Engaging with your Muslim Patients this Ramadan

Sara Khan, MD
Pediatric Resident, Seattle Children’s

Dr. Sara Khan

Muslims are an extremely diverse faith group, comprising the second largest religious group in the world and the third largest religious group in the US. Each year, Muslims partake in the spiritual practice of fasting during the holy month of Ramadan. Here are some tips to navigate taking care of your patients this month:

1. Why do Muslims fast? Fasting is a joyous month of spiritual engagement, worship and community. Many of your patients will be eager to fast. It is best to broach the topic of fasting for patients who may require medical counseling before fasting or unique changes to their medication regimen.

Tip: Consider having special treats in the office for fasting patients as a way to show support and celebrate Ramadan and the culminating day of celebration at the end of the month, Eid-al-Fitr.

2. Who fasts? Muslims who are healthy, physically able to endure a fast, past the age of puberty and are not menstruating are required to fast.

Tip: Many children will partake in fasts some days or part of a day so they can share in the practice with their families, so be sure to talk to families about who is fasting regardless of the age of the patient.

3. When is the fast? Each fast lasts from sunrise to sunset, thus the length of the fast will depend on where someone lives. The month of fasting lasts for an entire lunar month, about 30 days. This year, Ramadan is expected to start on the evening of April 1, 2022 and last until the evening of May 2, 2022.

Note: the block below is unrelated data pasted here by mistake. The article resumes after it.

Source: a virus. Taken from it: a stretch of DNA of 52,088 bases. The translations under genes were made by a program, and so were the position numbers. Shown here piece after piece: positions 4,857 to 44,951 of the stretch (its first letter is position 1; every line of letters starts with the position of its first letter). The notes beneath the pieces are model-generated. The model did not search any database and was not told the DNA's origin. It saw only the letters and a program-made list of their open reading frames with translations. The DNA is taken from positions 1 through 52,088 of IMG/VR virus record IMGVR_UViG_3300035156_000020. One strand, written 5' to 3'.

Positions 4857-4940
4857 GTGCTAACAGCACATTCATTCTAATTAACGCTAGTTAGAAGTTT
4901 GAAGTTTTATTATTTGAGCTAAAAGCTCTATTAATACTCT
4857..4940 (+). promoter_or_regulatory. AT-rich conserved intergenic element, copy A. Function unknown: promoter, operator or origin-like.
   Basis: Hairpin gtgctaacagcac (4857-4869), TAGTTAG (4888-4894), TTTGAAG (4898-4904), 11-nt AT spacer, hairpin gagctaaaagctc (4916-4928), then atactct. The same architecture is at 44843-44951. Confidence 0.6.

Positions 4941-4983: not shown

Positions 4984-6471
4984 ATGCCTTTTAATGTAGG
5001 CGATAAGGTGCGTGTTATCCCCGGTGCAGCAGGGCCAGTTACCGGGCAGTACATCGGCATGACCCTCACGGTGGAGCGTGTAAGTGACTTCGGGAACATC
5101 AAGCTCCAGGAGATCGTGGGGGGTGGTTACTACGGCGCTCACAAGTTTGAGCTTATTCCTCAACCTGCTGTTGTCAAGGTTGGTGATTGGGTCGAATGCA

4. What is abstained from during a fast? Aside from no food and no water, all enteral medications, TPN, blood products, and IV fluids also break the fast, because they either enter the GI tract or provide non-enteral nutrition. Insulin, vaccines, IV/IM antibiotics, eye/ear drops, inhalers, nasal sprays, topicals and patches do not break the fast. Thus, vaccinations should not be delayed.

Tip: Work with your patients to safely move any scheduled medications to a pre-dawn and post-sunset schedule.

5. What if it isn’t safe for my patient to fast? Fasting is forbidden if it can jeopardize health. Thus, your job as a physician is to medically recommend against fasting if it is unsafe or could potentially worsen a patient’s medical condition (gastroenteritis, migraines, transplant or epilepsy patients with time-sensitive medications, etc.).

Tip: Consider a patient’s risk for hypoglycemia if they have diabetes. Some may be safe for fasting, while some may not. Consult a specialist if unsure about your particular patient.

6. What else should I do? Fasting is a deeply personal and spiritual practice for Muslims. Shared decision-making is the best way to ensure Muslim patients are able to safely practice this form of worship.

Tip: If a Muslim patient is eager to fast despite a strong medical recommendation to not fast, consider engaging the patient’s local Imam (religious leader at a mosque) for further discussion.